Mom did not kill son: court

After living with the term baby killer for 13 years, Sherry Sherret-Robinson’s exoneration came in a flash Monday, as the Court of Appeal for Ontario acquitted her of infanticide and pronounced her wrongfully convicted.

TORONTO — After living with the term baby killer for 13 years, Sherry Sherret-Robinson’s exoneration came in a flash Monday, as the Court of Appeal for Ontario acquitted her of infanticide and pronounced her wrongfully convicted.

She was convicted in 1999 of her four-month-old son’s death three years prior, due in large part to evidence of then-eminent pathologist Dr. Charles Smith.

Both the Crown and defence told the court Monday that new expert evidence “conclusively refutes critical aspects” of Smith’s opinion that little Joshua was asphyxiated and that the death was suspicious.

He found evidence of a skull fracture where the other experts found none, and neck hemmorhages Smith referred to were in fact caused by Smith himself during the autopsy, the experts said.

After conferring for just 20 minutes, the three-judge Appeal Court panel returned to the courtroom and had barely sat down when they pronounced Sherret-Robinson acquitted, a verdict that “will be a surprise to no one,” they said.

“The appellant’s conviction was wrong and she was the victim of a miscarriage of justice,” the judges said.

Sherret-Robinson’s lower lip quivered as the judges told her: “You were wrongfully convicted.”

To hear those words, exonerating her of deliberately smothering her four-month-old son Joshua 13 years ago, was a great sigh of relief, she said.

“It lifted a huge weight off my shoulders,” Sherret-Robinson said outside court.

“To be able to know that it’s actually been acknowledged, that I don’t have to continue to say, ’I didn’t do anything,’ it just meant a lot.”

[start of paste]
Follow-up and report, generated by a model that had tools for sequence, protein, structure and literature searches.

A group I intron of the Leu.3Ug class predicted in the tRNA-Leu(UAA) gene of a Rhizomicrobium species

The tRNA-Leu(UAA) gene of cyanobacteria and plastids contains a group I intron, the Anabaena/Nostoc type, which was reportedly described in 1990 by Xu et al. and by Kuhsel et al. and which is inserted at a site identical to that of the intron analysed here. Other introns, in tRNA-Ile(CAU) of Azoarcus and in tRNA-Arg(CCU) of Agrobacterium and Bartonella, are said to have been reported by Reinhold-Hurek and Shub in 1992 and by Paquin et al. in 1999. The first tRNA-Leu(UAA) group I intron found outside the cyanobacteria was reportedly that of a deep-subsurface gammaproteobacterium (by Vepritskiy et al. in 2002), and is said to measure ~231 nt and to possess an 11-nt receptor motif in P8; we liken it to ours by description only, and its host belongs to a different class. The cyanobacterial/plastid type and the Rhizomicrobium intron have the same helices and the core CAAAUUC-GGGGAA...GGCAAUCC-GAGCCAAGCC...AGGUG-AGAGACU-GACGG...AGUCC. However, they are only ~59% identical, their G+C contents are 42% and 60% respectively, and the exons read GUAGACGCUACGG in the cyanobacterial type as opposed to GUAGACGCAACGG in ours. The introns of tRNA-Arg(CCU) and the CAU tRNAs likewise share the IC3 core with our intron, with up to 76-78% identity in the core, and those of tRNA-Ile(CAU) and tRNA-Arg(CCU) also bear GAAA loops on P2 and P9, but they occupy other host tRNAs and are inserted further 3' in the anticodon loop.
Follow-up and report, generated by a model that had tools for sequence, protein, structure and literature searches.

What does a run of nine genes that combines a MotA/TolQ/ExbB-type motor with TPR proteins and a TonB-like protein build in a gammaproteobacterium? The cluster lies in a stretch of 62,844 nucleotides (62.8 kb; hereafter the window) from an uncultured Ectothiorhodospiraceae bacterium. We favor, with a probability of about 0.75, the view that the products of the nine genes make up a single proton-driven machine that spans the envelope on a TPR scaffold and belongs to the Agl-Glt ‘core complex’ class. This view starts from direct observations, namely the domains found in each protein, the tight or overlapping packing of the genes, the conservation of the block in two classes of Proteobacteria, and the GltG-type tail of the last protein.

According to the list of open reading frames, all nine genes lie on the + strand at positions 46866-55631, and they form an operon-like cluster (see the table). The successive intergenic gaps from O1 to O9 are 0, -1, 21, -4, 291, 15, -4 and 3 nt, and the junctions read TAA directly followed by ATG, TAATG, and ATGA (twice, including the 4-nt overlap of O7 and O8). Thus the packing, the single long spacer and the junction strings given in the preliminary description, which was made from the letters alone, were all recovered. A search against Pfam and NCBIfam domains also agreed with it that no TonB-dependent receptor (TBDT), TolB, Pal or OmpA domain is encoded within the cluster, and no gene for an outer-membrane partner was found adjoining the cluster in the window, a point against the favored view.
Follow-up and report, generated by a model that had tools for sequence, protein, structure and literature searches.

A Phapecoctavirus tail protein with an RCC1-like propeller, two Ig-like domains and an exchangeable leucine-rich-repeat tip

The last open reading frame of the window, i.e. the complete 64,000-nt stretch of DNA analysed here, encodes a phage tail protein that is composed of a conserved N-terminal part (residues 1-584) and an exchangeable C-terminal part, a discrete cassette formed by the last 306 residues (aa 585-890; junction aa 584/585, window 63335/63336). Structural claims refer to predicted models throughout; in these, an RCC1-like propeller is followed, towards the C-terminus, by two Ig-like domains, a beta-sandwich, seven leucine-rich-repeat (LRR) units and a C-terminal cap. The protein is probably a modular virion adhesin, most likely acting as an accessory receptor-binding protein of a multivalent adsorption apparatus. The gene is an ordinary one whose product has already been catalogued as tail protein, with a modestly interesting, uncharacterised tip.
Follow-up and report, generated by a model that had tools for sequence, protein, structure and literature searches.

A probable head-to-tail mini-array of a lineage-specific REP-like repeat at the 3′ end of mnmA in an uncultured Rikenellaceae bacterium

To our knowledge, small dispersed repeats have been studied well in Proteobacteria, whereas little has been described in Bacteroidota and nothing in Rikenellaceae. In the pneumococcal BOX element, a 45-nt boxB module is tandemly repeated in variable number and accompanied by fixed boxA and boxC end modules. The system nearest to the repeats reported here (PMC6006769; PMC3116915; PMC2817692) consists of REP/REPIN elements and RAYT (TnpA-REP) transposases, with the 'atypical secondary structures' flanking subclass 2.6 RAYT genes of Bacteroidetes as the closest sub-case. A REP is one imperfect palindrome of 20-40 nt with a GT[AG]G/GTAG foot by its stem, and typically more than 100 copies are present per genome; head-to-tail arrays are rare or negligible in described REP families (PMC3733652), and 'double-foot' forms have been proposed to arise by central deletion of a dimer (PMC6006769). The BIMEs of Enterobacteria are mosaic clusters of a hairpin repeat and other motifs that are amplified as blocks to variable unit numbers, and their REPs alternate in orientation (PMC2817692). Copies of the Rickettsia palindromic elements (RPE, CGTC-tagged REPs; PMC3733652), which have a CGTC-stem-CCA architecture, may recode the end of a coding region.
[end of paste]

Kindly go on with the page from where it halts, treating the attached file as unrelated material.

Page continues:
The autopsy findings and the fact that Joshua had numerous layers of blankets under, around and on top of him, “reasonably support the conclusion that death occurred by an accidental asphyxial means in an unsafe sleeping environment,” said Dr. Michael Pollanen, Ontario’s chief coroner, in a report filed as fresh evidence.

A report on pediatric forensic pathology from Justice Stephen Goudge last year found the failings of the “arrogant” Smith, once considered the dean of his profession, and his bosses were at the heart of several miscarriages of justice.

Though Sherret-Robinson pleaded not guilty to infanticide, the Crown and her lawyer drafted an agreed statement of facts that said she smothered Joshua, causing his death, and she was found guilty in a Belleville, Ont., court in 1999.

Sherret-Robinson’s lawyer at the time was one of many who felt they could not successfully challenge Smith’s weighty evidence, court filings show.

Her lawyer for the appeal, James Lockyer, noted that Sherret-Robinson didn’t just lose one child, she lost two — almost three.

Her older son, now 15, was taken away from her by the authorities and put up for adoption, and she was days away from losing her now four-year-old daughter when she first contacted Lockyer a few years ago.

She hasn’t seen her son since 1999 and said she hasn’t actively pursued regaining custody of him since she believes he is comfortable with his adoptive parents and she doesn’t want to turn his life upside down.

“If he wants to come see me he can say, ‘I want to go see my mom’ and I’d graciously accept him with open arms,” Sherret-Robinson said.

Lockyer said he thinks Sherret-Robinson is owed financial compensation, but she said she’s looking for restitution of a different kind.

“The only type of compensation I’m interested in right now is that my son knows the truth,” she said.

Sherret-Robinson now joins William Mullins-Johnson, who served 12 years behind bars for the murder of his niece — a murder experts now say never even took place — as someone acquitted of a child murder in a Smith case.

“It’s pretty classic Dr. Smith problems where he misdiagnoses and overdiagnoses and turns natural deaths into homicides,” Lockyer said.

There are seven other such cases working their way through Ontario’s Appeal Court, he said.

“One of the problems in these types of cases is there does seem to be a lack of accountability on the part of those who were responsible for the wrongful convictions,” Lockyer said.

“It’s a perennial problem that we haven’t solved in Canada yet. Maybe one day we will.”

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